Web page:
So her “people” had a powerful mage, did they? Kesari had never seen a real mage before, and she wondered if the nomads’ Shashen was really all that powerful. The few people she’d known that claimed to be mages could do little more than minor tricks or feeble attempts at mind reading. She’d heard that the real mages—those that were left--were found among the Elven, Drow, and Sidhe races, but rarely within the Human race.

The young nomadic woman nodded solemnly to Kesari then hurried off as her father approached.

Speaking only in Yanmarese the nomad leader instructed Kesari on her various chores in helping set up the traveling ger for sleeping. The life of hard work outdoors and little rest had begun. All thoughts of imaginary dragons and shash’a—magic—were driven from Kesari’s thoughts as she worked hard to set up camp.

Edited by Nikki Peppermint, 20 January 2008 - 04:29 PM.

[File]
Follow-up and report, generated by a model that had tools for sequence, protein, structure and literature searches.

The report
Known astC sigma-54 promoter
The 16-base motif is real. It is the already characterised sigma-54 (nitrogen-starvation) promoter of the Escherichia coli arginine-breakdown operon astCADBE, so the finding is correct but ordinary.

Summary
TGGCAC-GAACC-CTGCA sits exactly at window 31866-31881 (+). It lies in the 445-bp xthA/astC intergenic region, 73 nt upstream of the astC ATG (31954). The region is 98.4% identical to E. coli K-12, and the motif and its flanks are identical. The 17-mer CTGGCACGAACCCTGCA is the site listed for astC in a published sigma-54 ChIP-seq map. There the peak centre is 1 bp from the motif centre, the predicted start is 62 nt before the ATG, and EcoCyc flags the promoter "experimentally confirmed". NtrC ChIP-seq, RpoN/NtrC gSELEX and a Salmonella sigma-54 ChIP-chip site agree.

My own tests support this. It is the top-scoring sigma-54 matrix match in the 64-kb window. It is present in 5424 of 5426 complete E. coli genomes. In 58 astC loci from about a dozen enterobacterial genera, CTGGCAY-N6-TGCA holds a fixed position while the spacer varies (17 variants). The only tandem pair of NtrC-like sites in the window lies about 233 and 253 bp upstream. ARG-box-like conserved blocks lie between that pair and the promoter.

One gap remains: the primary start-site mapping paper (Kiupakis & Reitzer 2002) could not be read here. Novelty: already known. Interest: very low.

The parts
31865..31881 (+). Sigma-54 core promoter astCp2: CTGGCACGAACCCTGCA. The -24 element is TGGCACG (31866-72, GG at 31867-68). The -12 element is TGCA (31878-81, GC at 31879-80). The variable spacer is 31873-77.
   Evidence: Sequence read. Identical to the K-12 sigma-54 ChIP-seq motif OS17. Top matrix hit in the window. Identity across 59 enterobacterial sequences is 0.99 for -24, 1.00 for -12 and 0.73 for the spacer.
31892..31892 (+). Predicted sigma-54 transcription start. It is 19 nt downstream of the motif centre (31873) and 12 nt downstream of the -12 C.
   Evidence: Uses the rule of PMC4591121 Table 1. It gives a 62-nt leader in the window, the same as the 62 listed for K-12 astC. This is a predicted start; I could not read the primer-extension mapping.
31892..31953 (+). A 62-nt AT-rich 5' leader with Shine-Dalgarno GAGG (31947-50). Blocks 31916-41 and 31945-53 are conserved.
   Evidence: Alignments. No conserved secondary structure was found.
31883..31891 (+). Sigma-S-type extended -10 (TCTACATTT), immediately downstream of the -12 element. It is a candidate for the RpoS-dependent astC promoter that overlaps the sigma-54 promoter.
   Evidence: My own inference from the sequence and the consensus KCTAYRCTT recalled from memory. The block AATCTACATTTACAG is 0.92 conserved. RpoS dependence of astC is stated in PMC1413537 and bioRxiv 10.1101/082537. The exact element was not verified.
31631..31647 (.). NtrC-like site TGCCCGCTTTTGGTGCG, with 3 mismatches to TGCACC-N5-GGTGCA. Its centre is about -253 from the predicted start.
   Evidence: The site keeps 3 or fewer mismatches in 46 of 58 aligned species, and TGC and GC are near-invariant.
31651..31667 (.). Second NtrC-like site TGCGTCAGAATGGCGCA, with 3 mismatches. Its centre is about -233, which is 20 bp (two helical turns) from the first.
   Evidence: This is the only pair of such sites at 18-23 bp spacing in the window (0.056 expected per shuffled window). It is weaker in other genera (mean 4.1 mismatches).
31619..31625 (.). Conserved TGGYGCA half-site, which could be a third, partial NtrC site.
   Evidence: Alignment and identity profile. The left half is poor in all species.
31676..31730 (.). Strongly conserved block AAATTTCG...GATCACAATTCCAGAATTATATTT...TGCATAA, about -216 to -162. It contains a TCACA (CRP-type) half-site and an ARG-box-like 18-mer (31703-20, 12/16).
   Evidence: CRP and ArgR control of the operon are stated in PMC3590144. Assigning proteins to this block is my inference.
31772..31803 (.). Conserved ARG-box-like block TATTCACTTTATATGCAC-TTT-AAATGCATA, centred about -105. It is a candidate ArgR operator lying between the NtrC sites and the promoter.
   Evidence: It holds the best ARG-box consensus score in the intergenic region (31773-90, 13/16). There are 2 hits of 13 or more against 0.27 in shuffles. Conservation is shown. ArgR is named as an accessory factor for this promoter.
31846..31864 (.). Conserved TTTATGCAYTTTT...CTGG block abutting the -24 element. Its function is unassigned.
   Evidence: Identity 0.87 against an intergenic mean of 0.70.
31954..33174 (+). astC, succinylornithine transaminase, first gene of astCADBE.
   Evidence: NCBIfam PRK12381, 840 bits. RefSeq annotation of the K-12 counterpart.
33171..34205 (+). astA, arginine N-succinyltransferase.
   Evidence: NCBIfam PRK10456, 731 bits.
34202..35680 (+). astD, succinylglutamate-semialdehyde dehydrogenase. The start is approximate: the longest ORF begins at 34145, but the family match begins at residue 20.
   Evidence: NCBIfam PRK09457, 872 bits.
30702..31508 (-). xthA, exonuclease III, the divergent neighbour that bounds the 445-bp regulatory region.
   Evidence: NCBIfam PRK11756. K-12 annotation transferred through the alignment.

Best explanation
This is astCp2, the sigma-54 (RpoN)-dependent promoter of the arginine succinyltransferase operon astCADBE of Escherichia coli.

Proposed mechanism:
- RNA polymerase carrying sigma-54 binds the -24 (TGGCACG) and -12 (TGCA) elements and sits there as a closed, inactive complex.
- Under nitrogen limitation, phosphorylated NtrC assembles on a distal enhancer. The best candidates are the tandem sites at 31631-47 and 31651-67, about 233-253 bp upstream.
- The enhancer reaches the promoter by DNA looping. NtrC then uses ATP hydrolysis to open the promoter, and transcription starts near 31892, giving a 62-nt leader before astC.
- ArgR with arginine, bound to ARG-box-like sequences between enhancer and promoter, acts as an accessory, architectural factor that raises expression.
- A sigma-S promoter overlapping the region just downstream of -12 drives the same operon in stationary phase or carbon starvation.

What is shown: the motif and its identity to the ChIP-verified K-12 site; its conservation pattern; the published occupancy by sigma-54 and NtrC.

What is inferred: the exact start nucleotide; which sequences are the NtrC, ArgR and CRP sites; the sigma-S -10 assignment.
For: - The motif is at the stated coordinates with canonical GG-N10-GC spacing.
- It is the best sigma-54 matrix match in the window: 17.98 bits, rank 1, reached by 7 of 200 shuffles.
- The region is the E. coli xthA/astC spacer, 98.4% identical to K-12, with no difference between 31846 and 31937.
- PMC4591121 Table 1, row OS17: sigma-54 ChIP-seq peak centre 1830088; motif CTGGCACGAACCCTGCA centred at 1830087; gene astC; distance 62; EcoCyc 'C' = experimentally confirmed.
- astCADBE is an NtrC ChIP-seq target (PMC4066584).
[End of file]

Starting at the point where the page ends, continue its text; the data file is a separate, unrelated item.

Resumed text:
#19 Nikki Peppermint

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Posted 14 October 2007 - 03:25 PM

* * * * * *

After an evening meal of dried meat, hard cheese, goat’s milk and water, all the nomads but one had settled down to a deep, tired sleep on their wool blankets. The traditional traveling ger had not been set up because the large, round, house-like structure seemed unnecessary in the fresh spring night.

Only one of the nomads remained awake.  Well, two…for Kesari lay with her eyes open as far from the small, protective fire as possible. She had vivid thoughts and visions of running away, but the nomad on first guard duty of the night sat awake and watchful of the night around him.